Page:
Less than a mile out, Sunset Rock is also spectacular, and like Spruce Hill, is wreathed with wild blueberries in summer.
On the Mohawk Trail, near the trailhead you can pause at the Top ‘O the World overlook for an awe-inspiring view eastwards, across Florida State Forest and beyond.
8. Cascade Waterfall
Another fine slice of natural beauty on the city’s doorstep is a waterfall and gorge, reached via a trail that starts a mile west of downtown North Adams.
The Cascade Waterfall is on Notch Brook, and the trail follows this watercourse south from near its mouth on the Hoosic River for a 90-minute out-and-back hike. This leads to the foot of the falls, beneath the gorge’s formidable walls.
The waterfall bounces down a stairway of ledges from a height of 45 feet, and is either a gossamer curtain of water, or a torrent, depending on the season and rainfall.
A lot of work has gone into keeping this blissful spot clear of road traffic and development, and today the space is managed by the Trustees of Reservations of Western Massachusetts.
9. Western Gateway Heritage State Park
Making its way through the namesake range, the Hoosac Tunnel was almost 25 years in construction, from 1851 to 1875 and to this day is the longest active transportation tunnel east of the Rockies.
To say this was a challenging project is an understatement, as there were four tunnel segments that needed to be aligned.
As time ticked by, an initial projected cost of $2 million snowballed into $25 million. The history of the tunnel is recounted at the Western Gateway Heritage Park, laid out on a former railroad yard in North Adams.
Here you’ll discover the colossal impact of the project, as well as the considerable human cost, with 200 lives lost during construction.
10. Appalachian Trail
Arguably America’s greatest hiking trail, the Appalachian Trail crosses North Adams on its epic, 2,200-mile route from Springer Mountain in Georgia to Maine’s Mount Katahdin.
The trail makes its way along Phelps Avenue and Massachusetts Avenue on the west side of the city and climbs from the valley into Vermont’s Green Mountain Forest in the north, or the Mount Greylock State Reservation in the south.
North Adams is the northernmost settlement on the trail’s Massachusetts section, and hikers have a chance to take a hot shower, sleep in an actual bed, stock up on supplies, or dine out, before the prospect of several days in the wilderness of the Green Mountains.
11. Bright Ideas Brewing
This craft brewery opened at the Massachusetts Museum of Contemporary Art in 2016. What began as a local operation for museum-goers and North Adams residents has grown into a regional operation, distributing to package stores and restaurants around Western Massachusetts.
There are a dozen beers on tap at the taproom at any time, with an accent on hoppy IPAs, but also with much to offer people who like malty ales and lagers.
There’s always some kind of event here, be it live music, trivia nights, movie screenings or televised sports events. In terms of food, you’re free to order from one of the many restaurants around North Adams.
12. Berkshire Art Museum
A recurring theme in North Adams is historic buildings with new roles, often as a platform for the arts. This is the case with the Berkshire Art Museum, which was founded in 2012 by the Barbara and Eric Rudd Art Foundation.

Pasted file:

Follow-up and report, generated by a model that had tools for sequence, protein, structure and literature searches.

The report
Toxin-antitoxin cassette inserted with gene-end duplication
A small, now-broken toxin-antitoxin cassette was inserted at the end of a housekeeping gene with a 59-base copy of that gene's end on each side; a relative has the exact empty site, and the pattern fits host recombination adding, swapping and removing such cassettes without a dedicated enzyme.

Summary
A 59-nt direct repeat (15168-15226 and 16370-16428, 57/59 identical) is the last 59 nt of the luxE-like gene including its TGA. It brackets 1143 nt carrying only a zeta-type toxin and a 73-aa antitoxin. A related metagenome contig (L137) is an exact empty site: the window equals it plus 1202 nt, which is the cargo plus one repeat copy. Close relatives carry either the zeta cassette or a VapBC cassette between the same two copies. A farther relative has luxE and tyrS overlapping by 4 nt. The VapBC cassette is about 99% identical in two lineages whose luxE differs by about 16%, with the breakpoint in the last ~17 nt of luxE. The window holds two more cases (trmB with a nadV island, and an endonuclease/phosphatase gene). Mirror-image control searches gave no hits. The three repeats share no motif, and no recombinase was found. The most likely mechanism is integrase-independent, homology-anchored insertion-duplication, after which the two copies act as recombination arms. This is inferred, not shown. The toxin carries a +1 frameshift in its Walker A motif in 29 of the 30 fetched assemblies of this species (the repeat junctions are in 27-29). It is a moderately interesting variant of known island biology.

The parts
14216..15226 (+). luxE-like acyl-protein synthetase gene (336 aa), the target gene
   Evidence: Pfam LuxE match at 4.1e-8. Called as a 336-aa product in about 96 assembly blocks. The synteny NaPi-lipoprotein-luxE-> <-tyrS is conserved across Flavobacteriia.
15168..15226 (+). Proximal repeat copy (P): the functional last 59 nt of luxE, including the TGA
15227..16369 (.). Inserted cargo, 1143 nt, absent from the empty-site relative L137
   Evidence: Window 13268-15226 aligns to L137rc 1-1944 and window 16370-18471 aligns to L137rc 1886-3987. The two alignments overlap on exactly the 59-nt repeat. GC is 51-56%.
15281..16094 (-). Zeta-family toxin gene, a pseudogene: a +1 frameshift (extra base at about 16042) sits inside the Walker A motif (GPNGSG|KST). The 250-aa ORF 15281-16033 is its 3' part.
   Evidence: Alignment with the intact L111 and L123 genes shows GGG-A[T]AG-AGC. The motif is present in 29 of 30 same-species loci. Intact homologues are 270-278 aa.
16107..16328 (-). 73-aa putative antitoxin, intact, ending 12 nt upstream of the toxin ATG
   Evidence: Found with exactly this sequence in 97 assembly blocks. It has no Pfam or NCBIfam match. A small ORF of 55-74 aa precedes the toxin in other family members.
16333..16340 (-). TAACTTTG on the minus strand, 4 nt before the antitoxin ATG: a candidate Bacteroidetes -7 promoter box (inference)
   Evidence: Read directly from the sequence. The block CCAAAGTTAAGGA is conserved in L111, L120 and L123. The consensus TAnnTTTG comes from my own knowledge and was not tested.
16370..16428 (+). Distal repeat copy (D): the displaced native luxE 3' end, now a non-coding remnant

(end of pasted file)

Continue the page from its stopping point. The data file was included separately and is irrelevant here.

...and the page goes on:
June through October, the main building at 156. E Main St presents an assortment of temporary and permanent exhibitions, including Eric Rudd’s Rudd’s Lexan/Iceberg and Robotic sculptures.
Also part of the museum is an historic Gothic Revival church building, housing an enormous, integrated work of contemporary sculpture with 150 life-sized figures, 250 figures in bas-relief, and a memorial to 9/11.
The museum has a calendar of public programs, receptions, lectures, and guided gallery tours.
13. Greylock Works
Backdropped by Mount Greylock this 19th-century textile mill complex has been put to new use as a multi-use campus with a communal feel.
Greylock Works features 50 lofts with mountain views, a co-work space, a craft distillery, a culinary lab, and provides eye-opening event space in its Engine House and Weave Shed.
A good time to check this place out is on weekends when you can call in at the distillery, crafting gins and rums in small batches using ingredients foraged in the Berkshires.
The Break Room restaurant meanwhile can be described as the works’ living room, with a sustainable and seasonal menu, drawing on local agriculture.
14. Norad Mill
Another imposing repurposed mill in North Adams is the Norad Mill in Braytonville, unique because its 1860s Italianate exterior has hardly been altered in the last 150+ years.
At the peak of production in the 1870s the mill had 50 looms and employed almost 300 people. In the 2010s the building was purchased by a commercial developer, and a wide diversity of tenants have moved in.
At the time of writing there were artist studios, an independent publisher, a coffee roastery, a yarn shop, a recording studio, beauty practitioners, and an enormous event space, along with the Norad Cafe, for pastries, bagels, sandwiches and more.
15. Downtown Celebration
North Adams has a social calendar that would put most cities to shame, and whenever you come there’s a good chance you’ll coincide with a public festival or performance.
One event that takes place in the height of the summer is the Downtown Celebration, when the vibrant heart of downtown North Adams is closed to road traffic for an evening party.
A host of organizations, local businesses and other groups take part, bringing an extravaganza of live music, great food, contests and giveaways, against the city’s magnificent mountain scenery.